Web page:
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© 2014 Springer-Verlag Berlin Heidelberg Spatial and temporal fluctuations in the availability of food resources can affect adaptive foraging strategies substantially, with the potential to promote temporal dietary switching and specialisation among generalist carnivores. To understand this relationship better at the causal level, we examined spatial and temporal variation in diet composition and diversity in the hitherto little-known hog badger (Arctonyx collaris), in comparison to the environmental abundance of principal food resources, in a subtropical forest of central China. Here, hog badgers fed predominantly on earthworms and fruits, complemented with arthropod imagoes and invertebrate larvae, whereas vertebrate prey categories (mammals, birds and reptiles) were consumed infrequently. We observed strong seasonal variation in the consumption of different food categories. Earthworms predominated during spring, fruits in autumn, and earthworms, complemented by arthropods, in summer, with hog badgers apparently hibernating in winter. Fluctuation in dietary preferences between seasons and habitats correlated only partially with environmental food abundance; in autumn, when fruit abundance peaked, and despite a concomitant peak in earthworm abundance, hog badgers exhibited a dietary shift, indicating a preference for fruit, over earthworms. This resulted in autumnal minima in seasonal food niche breadth and evenness values. We conclude that, in this region, hog badgers exhibited a generalist diet but switched between food categories in response to changes in environmental seasonal abundance.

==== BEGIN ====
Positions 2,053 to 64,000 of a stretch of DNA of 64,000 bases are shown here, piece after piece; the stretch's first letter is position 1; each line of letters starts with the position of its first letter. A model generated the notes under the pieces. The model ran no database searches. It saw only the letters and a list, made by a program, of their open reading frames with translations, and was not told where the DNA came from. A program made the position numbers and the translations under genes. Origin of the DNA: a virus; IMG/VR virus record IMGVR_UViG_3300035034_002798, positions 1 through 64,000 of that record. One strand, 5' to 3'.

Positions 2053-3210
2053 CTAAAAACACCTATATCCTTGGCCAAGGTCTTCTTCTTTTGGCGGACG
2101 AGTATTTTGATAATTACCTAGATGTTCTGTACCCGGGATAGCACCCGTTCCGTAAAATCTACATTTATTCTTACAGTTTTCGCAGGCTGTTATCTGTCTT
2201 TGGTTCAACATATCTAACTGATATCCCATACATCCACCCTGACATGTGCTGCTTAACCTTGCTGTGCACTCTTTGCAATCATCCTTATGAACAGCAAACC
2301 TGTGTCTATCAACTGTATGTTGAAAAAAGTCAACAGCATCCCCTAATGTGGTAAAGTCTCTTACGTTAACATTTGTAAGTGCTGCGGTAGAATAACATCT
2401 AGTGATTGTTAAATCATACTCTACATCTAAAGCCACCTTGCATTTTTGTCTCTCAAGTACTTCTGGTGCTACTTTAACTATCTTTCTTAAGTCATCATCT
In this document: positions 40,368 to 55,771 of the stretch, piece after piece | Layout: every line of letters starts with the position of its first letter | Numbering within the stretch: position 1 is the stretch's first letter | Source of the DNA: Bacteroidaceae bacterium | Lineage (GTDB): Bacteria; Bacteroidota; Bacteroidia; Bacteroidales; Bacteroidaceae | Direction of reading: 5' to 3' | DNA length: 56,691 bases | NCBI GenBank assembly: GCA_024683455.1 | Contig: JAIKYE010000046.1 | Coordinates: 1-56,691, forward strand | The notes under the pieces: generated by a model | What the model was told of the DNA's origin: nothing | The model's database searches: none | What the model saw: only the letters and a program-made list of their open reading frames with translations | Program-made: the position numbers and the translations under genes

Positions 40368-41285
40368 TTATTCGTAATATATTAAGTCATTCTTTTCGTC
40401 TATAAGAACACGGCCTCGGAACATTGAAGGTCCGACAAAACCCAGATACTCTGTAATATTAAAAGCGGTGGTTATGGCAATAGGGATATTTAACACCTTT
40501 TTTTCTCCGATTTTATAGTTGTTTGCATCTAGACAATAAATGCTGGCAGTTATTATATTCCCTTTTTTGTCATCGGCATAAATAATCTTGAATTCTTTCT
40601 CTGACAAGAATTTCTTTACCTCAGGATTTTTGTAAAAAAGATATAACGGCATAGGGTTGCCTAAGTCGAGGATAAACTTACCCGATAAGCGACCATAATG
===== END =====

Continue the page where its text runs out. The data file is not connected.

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Journal article


European Journal of Wildlife Research

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